The interactive systems underlying our papers, including student projects
In the Smart Sports Exercises project we developed a series of training game concepts that are predicated on a mixture of sensing athlete actions through movement sensors, sensing position and other actions via a pressure sensitive floor, and presenting game feedback through a display built into the floor. Many of these concepts concern training skills and awareness of movement and formation relative to other players.
Interact with a mysterious water world projected on the bar of your favorite cafe. Your movements above the bar and the objects that you arrange on it determine the growth of a little ecosystem of Anemones and creatures. By making different ecosystems interfere with each other, the Anemone system attempts to bring people into contact with strangers. A first pilot study showed people enjoyed playing with the interactive bar environment. They would invent their own little games to play with the system and with other people. For example, some people actively tried to “protect” all creatures, preventing them from swimming to the other users of the bar. By Richard Loos, Robby van Delden, Daniel Tetteroo, Peter Vel, Boris Zijsling & Michel Jansen.
The Laser-gait system allows people to practice their gait at home, outside of the therapy sessions. The laser system projects at random moments a line in front of the user that they have to step over. By making this a game to be played throughout the day, people become more aware of their gait patterns and become more active in exercising at home. This student project received a silver award at the SpinAwards Young Talent 2016.
We have built and implemented a set of metaphors for breathing games by involving children and experts. These games are made to facilitate prevention of asthma exacerbation via regular monitoring of children with asthma through spirometry at home. To instruct and trigger children to execute the (unsupervised) spirometry correctly, we have created interactive metaphors that respond in real-time to the child's inhalation and exhalation. Eleven metaphors have been developed in detail. Three metaphors have been fully implemented based on current guidelines for spirometry and were tested with 30 asthmatic children. Each includes multi-target incentives, responding to three different target values (inhalation, peak expiration, and complete exhalation). We postulate that the metaphors should use separate goals for these targets, have independent responses, and allow to also go beyond expected values for each of these targets. From the selected metaphors, most children preferred a dragon breathing fire and a soccer player kicking a ball into a goal as a metaphor; least liked were blowing seeds of a dandelion and applying lotion to a dog to grow its hair. Based on this project we discuss the potential and benefits of a suite-of-games approach: multiple games that each can be selected and adapted depending on personal capabilities and interests.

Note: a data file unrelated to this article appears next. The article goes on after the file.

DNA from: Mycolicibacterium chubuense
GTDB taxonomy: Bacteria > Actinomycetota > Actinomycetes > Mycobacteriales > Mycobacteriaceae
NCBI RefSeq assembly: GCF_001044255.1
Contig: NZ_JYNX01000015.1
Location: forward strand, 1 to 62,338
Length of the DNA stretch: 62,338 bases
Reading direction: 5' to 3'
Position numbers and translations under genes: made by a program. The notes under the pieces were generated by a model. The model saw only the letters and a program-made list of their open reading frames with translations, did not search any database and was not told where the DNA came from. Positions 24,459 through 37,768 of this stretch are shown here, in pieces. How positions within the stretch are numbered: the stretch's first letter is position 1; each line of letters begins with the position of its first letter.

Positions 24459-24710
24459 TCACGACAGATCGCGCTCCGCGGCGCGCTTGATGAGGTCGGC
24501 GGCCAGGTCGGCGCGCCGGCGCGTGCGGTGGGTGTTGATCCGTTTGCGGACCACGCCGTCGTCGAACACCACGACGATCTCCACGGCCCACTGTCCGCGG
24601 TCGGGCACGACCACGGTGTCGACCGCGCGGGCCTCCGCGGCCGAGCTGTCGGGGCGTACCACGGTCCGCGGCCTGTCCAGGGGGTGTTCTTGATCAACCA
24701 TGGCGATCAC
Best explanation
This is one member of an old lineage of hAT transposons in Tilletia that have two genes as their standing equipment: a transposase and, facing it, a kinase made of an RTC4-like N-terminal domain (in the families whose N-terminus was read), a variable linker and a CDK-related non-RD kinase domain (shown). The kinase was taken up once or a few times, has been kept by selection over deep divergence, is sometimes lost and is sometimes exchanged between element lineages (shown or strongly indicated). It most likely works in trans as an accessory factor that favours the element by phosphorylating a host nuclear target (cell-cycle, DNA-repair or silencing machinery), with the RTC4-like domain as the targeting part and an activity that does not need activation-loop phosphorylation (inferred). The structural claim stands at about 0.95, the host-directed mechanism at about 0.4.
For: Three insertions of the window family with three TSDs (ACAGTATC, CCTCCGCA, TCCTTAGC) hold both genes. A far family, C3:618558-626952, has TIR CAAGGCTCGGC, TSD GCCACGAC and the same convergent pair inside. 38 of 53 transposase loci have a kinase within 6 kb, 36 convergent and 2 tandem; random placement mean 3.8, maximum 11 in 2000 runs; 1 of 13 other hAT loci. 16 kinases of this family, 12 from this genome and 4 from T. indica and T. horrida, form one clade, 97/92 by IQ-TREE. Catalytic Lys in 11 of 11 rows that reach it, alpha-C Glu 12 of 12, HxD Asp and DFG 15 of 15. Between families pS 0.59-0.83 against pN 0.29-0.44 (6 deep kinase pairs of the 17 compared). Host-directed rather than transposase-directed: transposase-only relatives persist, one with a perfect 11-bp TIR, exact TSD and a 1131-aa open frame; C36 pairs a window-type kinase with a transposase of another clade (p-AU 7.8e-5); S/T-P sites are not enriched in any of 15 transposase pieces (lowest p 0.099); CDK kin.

People with Profound Intellectual and Multiple Disabilities suffer from severe intellectual and physical disabilities. This limits them from participating in many active and engaging activities. The BLOX project uses technology to offer new physical and playful interactive experiences for these people, in which they should be able to take initiative in play. We carried out a user study with 9 participants, 10 sessions with the ball each. Although many participants did not show a clear difference or clearly positive reaction to the ball, some participants were more active or alert or showed more signs enjoyment when playing with ball, compared to watching TV.
The setup consists of a pair of rope pulling boxes, connected to each other via the internet. When you pull the rope, the other person immediately feels this through their own rope: touch at a distance! This interface is used in a collaborative game in which two people control the same egg-catching basket from one side each, moving it left and right to catch as many eggs as possible. A user study showed that social presence is enhanced by rope interface, but only if player actually feels the other’s “touch” as force feedback on the rope.
Tangible interactive games are used for repetitive training of upper limbs in the therapy of children with Cerebral Palsy (CP). Four games were created that trigger different kinds of to-be-trained movements in a motivating and entertaining way. A physical quiz game was especially successful as children kept on playing the game making the proper movements without additional encouragement or instructions of the therapists or researchers.
We investigated whether we can increase coordination in movement between players by changing the game to enforce teamwork. This was done in a distributed exertion game of Pong in which the members of a team controlled one end of a shared paddle each. We evaluated with the members of the team distributed over the two locations vrsus collocated team members (with each team at its own location). Although the results should be taken with care, the comparisons do indicate that we could steer the amount of coordination between players in this way.
In this interactive playground, the person with the red circle is the tagger. Touch a runner’s blue circle in order to tag them! By adding power-ups, adaptive circle sizes, and other mechanisms, the game attempts to influence who is going to be tagger for how long and who is the next target, and to influence runners to take more risk, without breaking down play and without making it too obvious to the players.